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If You Need Another Reason to See Philip Haas' Film Installations at the Kimbell …


by Jerome Weeks 4 Aug 2009

… his short, The Death of Pentheus — included in the current exhibition, Butchers, Dragons, Gods and Skeletons — has just been included in the 66th annual Venice International Film Festival.  It’ll be screened there in September, part of the “new trends in cinema” section. Trust us — the Kimbell exhibition is amazing. In fact, […]

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… his short, The Death of Pentheus — included in the current exhibition, Butchers, Dragons, Gods and Skeletons — has just been included in the 66th annual Venice International Film Festival.  It’ll be screened there in September, part of the “new trends in cinema” section.

Trust us — the Kimbell exhibition is amazing. In fact, last year, Haas’ first film adaptation of a painted work in the Kimbell Art Museum’s collection — Annibale Carraci’s The Butcher Shop — won the Venice festival’s award for films that bridge cinema and art. The Death of Pentheus is one of the more technically complicated of the installations — adapting the classic tale of Pentheus torn apart by drunken women as depicted on an ancient Greek wine cup. The five film installations, commissioned by the Kimbell, are on display in Fort Worth through Oct. 25.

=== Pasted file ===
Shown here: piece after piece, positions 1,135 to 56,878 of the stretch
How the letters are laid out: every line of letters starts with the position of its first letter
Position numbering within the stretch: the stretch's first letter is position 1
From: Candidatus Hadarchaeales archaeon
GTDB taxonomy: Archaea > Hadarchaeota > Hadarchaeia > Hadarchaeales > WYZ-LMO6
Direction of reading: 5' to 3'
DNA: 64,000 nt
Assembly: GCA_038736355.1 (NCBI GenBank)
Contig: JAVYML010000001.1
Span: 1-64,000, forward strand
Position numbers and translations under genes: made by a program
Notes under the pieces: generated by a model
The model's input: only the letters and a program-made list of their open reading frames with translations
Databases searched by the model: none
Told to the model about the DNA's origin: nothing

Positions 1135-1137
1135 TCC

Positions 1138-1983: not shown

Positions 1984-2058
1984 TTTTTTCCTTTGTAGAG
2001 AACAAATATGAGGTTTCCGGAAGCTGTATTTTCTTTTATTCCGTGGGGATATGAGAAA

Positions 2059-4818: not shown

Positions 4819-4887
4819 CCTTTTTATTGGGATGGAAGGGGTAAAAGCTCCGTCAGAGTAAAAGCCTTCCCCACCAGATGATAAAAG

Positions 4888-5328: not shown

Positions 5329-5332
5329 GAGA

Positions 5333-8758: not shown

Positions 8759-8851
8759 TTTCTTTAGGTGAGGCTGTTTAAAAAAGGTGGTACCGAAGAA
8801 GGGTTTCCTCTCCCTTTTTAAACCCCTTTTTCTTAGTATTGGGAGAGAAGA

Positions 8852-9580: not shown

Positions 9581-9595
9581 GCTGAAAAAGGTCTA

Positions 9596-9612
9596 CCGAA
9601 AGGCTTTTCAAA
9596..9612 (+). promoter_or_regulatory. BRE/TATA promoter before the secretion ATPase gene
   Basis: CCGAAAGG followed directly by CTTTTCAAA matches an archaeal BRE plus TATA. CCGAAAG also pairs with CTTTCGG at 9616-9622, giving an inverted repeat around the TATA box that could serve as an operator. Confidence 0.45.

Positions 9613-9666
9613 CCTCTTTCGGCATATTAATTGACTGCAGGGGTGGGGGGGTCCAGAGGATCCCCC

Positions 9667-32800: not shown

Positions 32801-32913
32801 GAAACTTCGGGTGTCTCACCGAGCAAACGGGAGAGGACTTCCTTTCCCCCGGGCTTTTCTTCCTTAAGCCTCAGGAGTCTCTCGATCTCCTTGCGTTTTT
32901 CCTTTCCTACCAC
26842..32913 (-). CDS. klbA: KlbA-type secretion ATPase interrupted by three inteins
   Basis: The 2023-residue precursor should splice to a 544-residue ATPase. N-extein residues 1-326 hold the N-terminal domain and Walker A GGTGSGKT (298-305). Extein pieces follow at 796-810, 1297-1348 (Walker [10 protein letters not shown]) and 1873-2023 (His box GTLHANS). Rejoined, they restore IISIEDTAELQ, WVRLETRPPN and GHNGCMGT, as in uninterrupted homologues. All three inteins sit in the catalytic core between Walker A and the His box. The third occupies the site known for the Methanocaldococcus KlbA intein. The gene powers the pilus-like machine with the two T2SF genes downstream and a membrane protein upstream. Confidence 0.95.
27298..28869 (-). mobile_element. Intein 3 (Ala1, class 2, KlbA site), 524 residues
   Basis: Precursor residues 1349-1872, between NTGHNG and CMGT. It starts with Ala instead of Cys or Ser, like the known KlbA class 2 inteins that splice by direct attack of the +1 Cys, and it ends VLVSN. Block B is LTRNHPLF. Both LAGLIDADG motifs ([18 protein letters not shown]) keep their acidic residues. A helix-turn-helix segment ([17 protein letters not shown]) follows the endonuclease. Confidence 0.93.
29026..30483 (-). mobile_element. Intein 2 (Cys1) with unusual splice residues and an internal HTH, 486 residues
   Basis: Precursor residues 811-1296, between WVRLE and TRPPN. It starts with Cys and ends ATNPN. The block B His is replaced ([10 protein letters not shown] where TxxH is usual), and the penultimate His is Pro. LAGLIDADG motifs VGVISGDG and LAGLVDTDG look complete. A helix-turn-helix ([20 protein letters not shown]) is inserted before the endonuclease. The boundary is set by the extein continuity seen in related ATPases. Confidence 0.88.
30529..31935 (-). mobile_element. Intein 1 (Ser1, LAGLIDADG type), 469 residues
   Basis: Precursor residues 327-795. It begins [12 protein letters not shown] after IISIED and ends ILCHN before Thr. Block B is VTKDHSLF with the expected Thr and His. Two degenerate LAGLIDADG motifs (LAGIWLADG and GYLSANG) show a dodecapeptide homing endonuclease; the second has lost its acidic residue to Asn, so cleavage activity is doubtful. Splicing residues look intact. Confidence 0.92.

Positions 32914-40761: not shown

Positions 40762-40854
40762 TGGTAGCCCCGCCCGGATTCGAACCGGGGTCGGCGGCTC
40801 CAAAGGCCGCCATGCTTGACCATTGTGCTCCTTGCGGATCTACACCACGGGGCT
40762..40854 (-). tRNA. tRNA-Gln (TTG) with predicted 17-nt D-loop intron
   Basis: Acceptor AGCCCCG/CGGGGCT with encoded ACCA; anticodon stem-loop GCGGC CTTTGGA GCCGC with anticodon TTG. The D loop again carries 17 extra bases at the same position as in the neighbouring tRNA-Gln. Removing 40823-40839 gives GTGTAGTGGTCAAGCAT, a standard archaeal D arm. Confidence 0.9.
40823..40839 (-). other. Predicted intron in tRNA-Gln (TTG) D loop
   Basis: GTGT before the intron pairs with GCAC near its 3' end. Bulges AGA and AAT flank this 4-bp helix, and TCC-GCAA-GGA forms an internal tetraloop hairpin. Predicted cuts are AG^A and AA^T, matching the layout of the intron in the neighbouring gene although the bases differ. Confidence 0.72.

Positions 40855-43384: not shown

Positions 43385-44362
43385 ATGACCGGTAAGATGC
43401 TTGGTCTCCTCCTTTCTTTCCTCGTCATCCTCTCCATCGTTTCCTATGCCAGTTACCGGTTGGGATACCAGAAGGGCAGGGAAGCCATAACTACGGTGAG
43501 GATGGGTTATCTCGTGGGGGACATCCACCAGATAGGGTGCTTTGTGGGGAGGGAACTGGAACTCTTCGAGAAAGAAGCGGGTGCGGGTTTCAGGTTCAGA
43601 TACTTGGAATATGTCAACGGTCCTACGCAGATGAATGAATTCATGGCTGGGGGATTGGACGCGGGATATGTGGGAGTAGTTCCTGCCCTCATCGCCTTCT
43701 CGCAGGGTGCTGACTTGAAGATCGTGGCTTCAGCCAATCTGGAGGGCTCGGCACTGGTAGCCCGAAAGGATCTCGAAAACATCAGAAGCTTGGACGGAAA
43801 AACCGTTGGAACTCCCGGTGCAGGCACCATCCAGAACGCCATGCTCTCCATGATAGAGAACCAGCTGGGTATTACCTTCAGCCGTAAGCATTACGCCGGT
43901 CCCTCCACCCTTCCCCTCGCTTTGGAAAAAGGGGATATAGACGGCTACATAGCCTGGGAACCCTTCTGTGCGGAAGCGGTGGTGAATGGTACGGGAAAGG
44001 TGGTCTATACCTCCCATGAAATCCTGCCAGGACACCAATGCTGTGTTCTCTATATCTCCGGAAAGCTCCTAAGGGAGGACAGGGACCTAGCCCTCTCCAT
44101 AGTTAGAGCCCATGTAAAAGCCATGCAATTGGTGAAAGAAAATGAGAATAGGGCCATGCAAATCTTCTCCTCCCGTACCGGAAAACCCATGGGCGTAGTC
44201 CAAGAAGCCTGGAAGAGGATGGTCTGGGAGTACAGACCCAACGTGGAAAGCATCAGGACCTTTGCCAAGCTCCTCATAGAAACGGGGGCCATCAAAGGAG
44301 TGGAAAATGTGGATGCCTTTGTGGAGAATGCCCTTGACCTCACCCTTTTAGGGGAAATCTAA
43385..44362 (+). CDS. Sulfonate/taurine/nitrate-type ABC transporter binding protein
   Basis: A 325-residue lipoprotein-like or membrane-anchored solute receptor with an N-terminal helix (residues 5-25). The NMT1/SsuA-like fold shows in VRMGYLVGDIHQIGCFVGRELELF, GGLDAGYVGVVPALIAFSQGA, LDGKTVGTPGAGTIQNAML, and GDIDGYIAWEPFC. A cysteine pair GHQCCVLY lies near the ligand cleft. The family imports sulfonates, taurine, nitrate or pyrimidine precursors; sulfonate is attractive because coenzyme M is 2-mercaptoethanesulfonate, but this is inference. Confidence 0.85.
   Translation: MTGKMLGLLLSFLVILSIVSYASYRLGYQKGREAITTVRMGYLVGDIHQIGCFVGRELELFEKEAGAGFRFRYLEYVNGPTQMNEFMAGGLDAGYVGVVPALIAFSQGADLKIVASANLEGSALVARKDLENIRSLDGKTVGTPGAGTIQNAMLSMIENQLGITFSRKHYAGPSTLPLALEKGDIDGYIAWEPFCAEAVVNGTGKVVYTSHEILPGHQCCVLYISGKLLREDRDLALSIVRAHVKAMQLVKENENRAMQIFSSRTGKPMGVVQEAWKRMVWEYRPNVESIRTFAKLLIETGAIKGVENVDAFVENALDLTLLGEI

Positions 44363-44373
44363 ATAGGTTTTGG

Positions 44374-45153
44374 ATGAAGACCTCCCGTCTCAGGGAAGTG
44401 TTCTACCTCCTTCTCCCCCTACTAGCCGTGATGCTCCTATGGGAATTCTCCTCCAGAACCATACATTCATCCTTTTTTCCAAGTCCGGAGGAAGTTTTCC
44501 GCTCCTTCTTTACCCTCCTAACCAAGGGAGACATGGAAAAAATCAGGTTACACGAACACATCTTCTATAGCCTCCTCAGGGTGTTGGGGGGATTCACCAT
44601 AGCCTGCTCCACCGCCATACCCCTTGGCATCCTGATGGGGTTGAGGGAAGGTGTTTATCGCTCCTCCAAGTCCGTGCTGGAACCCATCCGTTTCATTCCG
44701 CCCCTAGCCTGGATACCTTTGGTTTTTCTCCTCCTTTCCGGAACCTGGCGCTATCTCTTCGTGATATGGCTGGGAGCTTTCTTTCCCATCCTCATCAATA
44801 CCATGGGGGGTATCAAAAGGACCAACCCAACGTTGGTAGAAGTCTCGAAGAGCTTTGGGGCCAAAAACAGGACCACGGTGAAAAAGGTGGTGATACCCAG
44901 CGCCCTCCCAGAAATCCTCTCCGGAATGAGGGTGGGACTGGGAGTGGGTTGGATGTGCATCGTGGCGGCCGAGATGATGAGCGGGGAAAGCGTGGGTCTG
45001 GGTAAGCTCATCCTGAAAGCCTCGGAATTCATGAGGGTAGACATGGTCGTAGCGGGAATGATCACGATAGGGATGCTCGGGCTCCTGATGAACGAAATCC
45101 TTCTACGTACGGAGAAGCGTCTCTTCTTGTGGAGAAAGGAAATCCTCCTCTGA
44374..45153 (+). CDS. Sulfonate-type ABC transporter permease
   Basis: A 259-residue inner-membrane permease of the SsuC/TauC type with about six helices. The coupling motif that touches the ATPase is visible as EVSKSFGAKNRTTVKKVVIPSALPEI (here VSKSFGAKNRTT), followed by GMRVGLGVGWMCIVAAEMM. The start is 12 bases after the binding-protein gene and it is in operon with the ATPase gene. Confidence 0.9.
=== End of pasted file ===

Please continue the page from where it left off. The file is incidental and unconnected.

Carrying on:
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  • Jennifer

    I didn’t need another reason to get myself to the Kimball, but this is another great one nevertheless!
    Thanks for the news.

  • My wife and I went Saturday, extraordinary. They are hard to describe actually. Loved the Butcher Shop, stark beautiful colors, artist in one screen, subjects in another. Apollo and the Continents by G. B. Tiepolo (c. 1739 was just extraordinary. I loved the fact there are images on the ceiling and that mirrors projected one wall display movement happening on the screen on the other wall. Really intriguing stuff.

  • Also, Jerome, let me add, how much I’ve enjoyed your arts coverage, books, theatre, art. It’s been a real addition. Thanks.

    • Thanks very much. It’s a pleasure. And your $20 is in the mail. Just don’t tell my editors. Office funds, you know.